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Race and Religion in American BuddhismWhite Supremacy and Immigrant Adaptation$
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Joseph Cheah

Print publication date: 2011

Print ISBN-13: 9780199756285

Published to Oxford Scholarship Online: January 2012

DOI: 10.1093/acprof:oso/9780199756285.001.0001

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Adaptation of  Vipassana Meditation by Convert Buddhists and Sympathizers

Adaptation of  Vipassana Meditation by Convert Buddhists and Sympathizers

Chapter:
(p.59) 3 Adaptation of  Vipassana Meditation by Convert Buddhists and Sympathizers
Source:
Race and Religion in American Buddhism
Author(s):

Joseph Cheah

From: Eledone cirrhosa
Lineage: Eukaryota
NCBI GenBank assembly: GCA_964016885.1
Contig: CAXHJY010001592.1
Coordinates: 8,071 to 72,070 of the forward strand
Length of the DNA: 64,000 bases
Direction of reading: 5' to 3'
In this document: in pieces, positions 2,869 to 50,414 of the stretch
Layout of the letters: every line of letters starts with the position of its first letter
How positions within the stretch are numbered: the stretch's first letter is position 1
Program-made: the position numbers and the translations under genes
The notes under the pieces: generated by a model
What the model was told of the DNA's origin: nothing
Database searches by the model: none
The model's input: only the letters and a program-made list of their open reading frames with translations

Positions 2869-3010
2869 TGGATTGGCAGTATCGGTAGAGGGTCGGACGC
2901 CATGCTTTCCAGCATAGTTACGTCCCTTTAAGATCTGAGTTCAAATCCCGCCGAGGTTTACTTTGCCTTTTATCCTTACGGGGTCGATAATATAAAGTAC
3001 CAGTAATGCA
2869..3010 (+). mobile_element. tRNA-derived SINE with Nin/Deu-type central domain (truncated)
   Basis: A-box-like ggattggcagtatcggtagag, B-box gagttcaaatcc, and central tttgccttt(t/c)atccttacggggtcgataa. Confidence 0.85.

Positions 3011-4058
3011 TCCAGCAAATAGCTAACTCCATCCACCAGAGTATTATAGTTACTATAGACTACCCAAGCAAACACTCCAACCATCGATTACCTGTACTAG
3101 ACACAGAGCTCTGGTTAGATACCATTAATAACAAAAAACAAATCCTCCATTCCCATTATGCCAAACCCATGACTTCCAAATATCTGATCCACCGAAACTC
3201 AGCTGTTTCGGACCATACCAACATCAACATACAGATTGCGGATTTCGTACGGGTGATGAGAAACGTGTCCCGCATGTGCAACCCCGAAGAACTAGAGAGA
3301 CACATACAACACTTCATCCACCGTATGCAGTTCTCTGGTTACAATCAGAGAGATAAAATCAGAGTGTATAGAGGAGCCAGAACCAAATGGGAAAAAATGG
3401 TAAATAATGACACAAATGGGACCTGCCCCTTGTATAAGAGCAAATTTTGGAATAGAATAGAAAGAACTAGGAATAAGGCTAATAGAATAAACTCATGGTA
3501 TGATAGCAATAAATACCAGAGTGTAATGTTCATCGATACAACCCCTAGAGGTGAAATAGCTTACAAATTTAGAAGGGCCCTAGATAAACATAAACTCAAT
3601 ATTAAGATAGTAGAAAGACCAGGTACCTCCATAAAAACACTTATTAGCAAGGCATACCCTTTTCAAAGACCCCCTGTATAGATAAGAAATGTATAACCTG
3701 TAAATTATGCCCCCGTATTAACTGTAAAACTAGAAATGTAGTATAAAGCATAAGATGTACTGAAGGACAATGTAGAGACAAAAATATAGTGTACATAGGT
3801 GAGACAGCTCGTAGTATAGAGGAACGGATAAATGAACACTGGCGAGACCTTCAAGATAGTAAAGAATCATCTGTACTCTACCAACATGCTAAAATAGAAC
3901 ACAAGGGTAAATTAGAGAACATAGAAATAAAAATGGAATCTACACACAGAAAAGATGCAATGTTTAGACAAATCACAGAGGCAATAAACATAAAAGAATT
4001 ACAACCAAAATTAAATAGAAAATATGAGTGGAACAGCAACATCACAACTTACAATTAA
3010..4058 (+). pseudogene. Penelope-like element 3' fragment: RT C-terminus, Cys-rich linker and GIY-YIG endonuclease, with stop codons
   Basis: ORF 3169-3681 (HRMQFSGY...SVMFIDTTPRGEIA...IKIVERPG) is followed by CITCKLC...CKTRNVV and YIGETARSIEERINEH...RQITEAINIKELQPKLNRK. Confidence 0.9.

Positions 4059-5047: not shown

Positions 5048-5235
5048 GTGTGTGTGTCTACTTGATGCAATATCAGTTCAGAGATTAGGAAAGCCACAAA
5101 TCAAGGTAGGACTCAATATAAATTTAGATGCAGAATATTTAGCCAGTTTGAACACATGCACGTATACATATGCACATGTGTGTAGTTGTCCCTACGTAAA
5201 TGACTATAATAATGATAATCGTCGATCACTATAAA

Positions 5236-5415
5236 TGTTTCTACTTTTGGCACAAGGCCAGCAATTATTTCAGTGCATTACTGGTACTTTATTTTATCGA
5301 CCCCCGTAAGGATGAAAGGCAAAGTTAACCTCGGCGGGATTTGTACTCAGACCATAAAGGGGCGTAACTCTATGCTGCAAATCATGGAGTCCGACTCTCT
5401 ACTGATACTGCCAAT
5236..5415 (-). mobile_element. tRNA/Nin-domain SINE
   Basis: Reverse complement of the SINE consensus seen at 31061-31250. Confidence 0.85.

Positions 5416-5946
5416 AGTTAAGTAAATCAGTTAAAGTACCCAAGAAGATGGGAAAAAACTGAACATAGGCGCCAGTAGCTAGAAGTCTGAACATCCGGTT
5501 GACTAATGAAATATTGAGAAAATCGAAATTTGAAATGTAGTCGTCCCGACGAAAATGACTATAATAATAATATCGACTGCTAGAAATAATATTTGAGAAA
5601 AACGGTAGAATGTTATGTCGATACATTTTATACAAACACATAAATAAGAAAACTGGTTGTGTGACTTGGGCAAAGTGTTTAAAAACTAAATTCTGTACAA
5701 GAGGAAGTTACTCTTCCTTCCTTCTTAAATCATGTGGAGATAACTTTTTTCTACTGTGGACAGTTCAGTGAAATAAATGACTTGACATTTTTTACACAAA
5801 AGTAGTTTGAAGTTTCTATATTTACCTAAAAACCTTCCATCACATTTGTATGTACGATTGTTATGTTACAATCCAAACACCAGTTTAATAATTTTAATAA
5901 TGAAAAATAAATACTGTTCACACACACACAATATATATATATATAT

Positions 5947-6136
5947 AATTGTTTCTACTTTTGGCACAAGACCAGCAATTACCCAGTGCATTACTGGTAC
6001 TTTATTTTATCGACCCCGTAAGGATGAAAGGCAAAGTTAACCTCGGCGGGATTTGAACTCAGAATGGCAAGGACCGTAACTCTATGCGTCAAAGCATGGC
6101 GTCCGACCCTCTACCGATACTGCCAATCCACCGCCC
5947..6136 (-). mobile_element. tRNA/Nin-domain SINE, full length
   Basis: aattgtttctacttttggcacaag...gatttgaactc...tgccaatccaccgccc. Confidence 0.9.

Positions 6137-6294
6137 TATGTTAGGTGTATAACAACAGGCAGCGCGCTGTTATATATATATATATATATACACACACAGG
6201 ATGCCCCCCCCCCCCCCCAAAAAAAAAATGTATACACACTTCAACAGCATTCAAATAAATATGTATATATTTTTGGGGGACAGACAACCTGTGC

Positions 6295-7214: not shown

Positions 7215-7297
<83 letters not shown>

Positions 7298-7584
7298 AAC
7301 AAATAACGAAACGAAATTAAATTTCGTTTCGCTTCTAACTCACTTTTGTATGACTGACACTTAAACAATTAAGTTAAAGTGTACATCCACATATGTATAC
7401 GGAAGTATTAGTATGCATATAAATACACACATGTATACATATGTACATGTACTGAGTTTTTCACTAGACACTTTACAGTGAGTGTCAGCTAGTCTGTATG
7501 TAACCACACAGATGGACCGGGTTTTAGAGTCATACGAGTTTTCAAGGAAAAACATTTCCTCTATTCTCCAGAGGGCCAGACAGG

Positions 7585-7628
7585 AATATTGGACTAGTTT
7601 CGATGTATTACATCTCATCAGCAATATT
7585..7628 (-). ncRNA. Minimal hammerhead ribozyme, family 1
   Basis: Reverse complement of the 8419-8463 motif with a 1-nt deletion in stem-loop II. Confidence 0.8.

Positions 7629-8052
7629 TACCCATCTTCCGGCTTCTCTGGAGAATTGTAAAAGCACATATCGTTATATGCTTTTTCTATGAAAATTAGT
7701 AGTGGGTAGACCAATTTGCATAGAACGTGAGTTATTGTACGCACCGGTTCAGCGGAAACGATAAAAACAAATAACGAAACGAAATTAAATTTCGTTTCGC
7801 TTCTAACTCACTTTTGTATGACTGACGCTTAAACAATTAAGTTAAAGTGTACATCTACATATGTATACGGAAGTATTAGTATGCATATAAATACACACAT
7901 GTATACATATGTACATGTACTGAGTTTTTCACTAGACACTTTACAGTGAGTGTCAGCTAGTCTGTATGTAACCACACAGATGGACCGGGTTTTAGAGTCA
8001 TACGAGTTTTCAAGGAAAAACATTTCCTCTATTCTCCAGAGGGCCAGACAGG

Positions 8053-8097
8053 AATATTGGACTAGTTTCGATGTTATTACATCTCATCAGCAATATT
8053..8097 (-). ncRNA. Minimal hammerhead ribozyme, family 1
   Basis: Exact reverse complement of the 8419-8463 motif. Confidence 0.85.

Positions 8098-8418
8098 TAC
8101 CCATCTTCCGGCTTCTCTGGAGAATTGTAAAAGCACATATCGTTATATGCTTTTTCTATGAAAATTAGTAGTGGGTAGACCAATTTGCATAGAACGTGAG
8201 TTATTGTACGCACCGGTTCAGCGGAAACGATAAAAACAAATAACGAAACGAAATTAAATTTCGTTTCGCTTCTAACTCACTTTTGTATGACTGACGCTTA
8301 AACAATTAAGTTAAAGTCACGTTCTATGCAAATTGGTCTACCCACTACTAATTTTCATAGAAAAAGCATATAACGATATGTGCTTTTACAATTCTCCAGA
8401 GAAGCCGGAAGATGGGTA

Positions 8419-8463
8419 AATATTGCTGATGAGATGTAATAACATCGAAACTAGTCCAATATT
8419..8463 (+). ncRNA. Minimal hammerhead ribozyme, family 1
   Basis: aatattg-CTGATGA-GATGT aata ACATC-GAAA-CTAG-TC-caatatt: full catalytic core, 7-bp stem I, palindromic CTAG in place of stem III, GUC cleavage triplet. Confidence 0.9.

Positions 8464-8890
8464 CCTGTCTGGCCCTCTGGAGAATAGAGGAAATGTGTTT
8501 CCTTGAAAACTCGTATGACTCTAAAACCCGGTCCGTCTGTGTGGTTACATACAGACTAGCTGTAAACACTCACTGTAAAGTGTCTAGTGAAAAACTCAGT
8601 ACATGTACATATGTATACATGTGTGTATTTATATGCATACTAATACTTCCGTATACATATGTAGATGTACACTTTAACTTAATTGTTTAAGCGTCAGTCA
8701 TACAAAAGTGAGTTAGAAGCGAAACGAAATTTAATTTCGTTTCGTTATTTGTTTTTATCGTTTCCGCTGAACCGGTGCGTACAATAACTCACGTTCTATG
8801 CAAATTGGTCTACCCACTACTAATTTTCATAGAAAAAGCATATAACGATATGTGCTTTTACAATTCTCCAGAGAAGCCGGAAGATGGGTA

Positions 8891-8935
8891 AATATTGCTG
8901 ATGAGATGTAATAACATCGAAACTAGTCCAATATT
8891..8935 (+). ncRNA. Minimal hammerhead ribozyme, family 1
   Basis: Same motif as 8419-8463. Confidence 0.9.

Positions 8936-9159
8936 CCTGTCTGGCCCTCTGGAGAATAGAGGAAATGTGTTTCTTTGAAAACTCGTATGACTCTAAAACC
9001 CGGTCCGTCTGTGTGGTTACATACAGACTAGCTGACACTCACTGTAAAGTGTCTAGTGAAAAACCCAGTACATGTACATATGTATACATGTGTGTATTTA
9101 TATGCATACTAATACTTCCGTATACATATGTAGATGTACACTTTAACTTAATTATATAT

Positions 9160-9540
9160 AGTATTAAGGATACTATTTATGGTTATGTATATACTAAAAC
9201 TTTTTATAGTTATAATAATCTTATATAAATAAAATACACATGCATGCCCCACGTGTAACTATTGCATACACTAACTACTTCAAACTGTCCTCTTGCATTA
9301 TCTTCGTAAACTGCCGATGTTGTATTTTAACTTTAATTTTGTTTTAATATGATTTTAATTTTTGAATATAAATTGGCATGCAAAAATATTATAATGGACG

Publisher:
Oxford University Press
DOI:10.1093/acprof:oso/9780199756285.003.0004

This chapter examines the contemporary adaptation of vipassana meditation by convert Buddhists and sympathizers to the American context. It employs racial formation theory to distinguish between cultural and racial rearticulations of Buddhist ideas, beliefs, and practices. Cultural rearticulation is an ordinary means of taking Asian religious practices and rerepresent them in terms that are recognizable and meaningful for Americans in the mainstream culture. The incorporation of Western psychology into vipassana meditation and the demystification of Buddhist practices are two prime examples of cultural rearticulation of vipassana meditation. While these adaptations can be seen as inevitable products of the transmission of Buddhism in America, they can also be considered examples of racial rearticulation if they demonstrate the ways in which Burmese vipassana meditation has been rearticulated into specific but deliberately chosen forms that help preserve the prevailing system of racial hegemony and privileges surrounding whiteness.

Keywords:   adaptation, racial formation, racial rearticulation, cultural rearticulation, Western psychology, racial hegemony, white privilege

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